Get all the perforce change-lists for specific day

The “maxscanrows” setting (which is configured by the admin for each user group) constrains the number of database rows that are scanned by any given query. In the case of p4 changes, there are two different ways the query might run, depending on the arguments you pass:

  1. If a path is specified, the db.rev entries matching the path are scanned, and the changelists matching the revision range are selected from that set. db.rev is indexed by path.
  2. If no path is specified, and if the revision range does not depend on revision data (e.g. dates, which are contained in the changelists themselves), db.change entries are scanned in order to locate the ones matching the range.

An exception to (1) is that if a maximum number of changelists is requested, db.revcx may be used if the path is very broad. This logic can be tuned and is described in p4 help undoc:

    dm.changes.thresh1     50K 'changes -mx path' uses db.revcx if...
    dm.changes.thresh2     10K ...if < thresh2 of thresh1 db.rev match

For your specific case, I think you will find that:

p4 changes -s submitted @2020/11/03,2020/11/04

performs much faster (and without hitting the maxscanrows limit), because it will search based on db.change.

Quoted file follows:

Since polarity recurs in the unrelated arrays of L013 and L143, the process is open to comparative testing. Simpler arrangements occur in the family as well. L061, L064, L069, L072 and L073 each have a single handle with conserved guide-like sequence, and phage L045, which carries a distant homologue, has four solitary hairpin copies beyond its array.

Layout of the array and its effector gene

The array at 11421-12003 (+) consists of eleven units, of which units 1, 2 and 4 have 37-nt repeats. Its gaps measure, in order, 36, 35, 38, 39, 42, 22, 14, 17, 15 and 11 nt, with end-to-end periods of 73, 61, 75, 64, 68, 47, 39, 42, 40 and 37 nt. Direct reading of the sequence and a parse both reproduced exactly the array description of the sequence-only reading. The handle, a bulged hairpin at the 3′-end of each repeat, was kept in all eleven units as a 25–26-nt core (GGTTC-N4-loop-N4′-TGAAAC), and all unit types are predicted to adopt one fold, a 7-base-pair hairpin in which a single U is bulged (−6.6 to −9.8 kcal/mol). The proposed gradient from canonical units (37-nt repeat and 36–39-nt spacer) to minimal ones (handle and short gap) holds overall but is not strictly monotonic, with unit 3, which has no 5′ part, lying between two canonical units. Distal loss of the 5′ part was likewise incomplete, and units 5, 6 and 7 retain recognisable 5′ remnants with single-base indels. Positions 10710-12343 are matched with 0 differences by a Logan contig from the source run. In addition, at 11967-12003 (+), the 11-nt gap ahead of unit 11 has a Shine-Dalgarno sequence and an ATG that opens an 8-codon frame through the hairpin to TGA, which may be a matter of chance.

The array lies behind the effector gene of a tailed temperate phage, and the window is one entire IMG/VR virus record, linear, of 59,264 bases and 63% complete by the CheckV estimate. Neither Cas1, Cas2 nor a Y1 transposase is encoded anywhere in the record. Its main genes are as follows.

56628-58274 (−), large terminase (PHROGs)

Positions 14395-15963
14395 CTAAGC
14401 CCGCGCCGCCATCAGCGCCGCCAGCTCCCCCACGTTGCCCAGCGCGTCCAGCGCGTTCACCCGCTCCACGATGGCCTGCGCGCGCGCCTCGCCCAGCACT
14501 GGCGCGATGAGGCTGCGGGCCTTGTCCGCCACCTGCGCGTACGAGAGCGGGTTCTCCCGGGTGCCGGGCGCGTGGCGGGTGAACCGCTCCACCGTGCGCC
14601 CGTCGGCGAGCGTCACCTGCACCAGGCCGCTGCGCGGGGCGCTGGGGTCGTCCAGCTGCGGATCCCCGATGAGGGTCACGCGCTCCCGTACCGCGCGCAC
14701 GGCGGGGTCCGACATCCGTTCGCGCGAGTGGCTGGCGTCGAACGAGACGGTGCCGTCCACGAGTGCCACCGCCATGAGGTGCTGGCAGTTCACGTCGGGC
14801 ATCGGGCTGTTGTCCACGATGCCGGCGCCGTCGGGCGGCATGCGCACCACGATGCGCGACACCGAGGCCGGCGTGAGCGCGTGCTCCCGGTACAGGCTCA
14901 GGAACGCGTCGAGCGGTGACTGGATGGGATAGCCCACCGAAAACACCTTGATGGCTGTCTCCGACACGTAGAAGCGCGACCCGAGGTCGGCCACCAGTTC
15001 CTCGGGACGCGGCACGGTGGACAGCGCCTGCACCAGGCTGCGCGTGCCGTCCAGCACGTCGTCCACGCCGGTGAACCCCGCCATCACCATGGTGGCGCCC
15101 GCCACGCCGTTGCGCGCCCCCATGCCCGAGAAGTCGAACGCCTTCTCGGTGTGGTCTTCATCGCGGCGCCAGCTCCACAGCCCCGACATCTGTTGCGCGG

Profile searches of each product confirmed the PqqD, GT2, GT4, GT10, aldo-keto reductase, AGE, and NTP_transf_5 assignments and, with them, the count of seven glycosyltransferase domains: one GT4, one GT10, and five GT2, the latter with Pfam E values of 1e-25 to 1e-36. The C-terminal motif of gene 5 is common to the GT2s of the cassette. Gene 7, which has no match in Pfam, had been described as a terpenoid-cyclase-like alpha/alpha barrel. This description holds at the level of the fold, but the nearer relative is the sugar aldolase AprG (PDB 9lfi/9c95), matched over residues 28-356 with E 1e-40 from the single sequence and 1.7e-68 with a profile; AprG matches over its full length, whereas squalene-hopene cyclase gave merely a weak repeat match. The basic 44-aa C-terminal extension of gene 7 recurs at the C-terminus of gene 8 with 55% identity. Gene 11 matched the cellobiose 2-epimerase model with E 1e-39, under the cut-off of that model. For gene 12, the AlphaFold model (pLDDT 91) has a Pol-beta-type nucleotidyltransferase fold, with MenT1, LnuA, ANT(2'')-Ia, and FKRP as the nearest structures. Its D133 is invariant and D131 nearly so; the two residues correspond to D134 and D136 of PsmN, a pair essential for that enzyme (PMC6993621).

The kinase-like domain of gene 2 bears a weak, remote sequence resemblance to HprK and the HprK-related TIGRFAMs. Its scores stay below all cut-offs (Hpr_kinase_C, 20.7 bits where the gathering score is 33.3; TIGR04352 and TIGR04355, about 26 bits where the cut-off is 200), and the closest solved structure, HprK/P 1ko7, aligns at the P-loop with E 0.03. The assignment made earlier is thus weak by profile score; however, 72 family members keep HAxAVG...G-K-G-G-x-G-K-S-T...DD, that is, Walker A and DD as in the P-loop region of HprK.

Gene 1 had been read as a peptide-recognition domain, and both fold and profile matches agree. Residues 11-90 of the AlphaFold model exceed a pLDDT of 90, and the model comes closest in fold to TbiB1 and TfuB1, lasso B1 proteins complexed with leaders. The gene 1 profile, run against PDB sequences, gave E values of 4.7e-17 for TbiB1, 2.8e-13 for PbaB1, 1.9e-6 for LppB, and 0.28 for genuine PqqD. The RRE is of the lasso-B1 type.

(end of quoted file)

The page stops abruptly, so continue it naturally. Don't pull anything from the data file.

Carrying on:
As you noted in your own answer, narrowing the depot path is another possible solution, because that will reduce the number of db.rev rows scanned — however, this will give you different results (and depending on how much you narrow the depot path, it still may not be as quick as simply scanning the change table).

In order to see which specific tables are accessed by a given query, and how many rows of each are accessed, you can use the -Zdbstat global flag:

C:\Perforce\test>p4 -Zdbstat changes -s submitted @2019/11/03,2020/11/04
...
--- db.revcx
---   pages in+out+cached 1+0+1
---   locks read/write 0/0 rows get+pos+scan put+del 0+0+0 0+0
---   peek count 1 wait+held total/max 0ms+0ms/0ms+0ms
...
--- db.change
---   pages in+out+cached 5+0+4
---   locks read/write 0/0 rows get+pos+scan put+del 0+1+127 0+0
---   peek count 1 wait+held total/max 0ms+0ms/0ms+0ms
...

vs:

C:\Perforce\test>p4 -Zdbstat changes -s submitted //[email protected]/11/03,2020/11/04
...
--- db.rev
---   pages in+out+cached 27+0+26
---   locks read/write 0/0 rows get+pos+scan put+del 0+1+868 0+0
---   peek count 1 wait+held total/max 0ms+16ms/0ms+16ms
...
--- db.change
---   pages in+out+cached 4+0+3
---   locks read/write 0/0 rows get+pos+scan put+del 0+64+128 0+0
---   peek count 1 wait+held total/max 0ms+0ms/0ms+0ms
...

This can be a very helpful tool in tuning queries for efficiency in cases like this where you have multiple ways to get at a particular piece of data, and especially in understanding why you’re bumping into specific performance limits.

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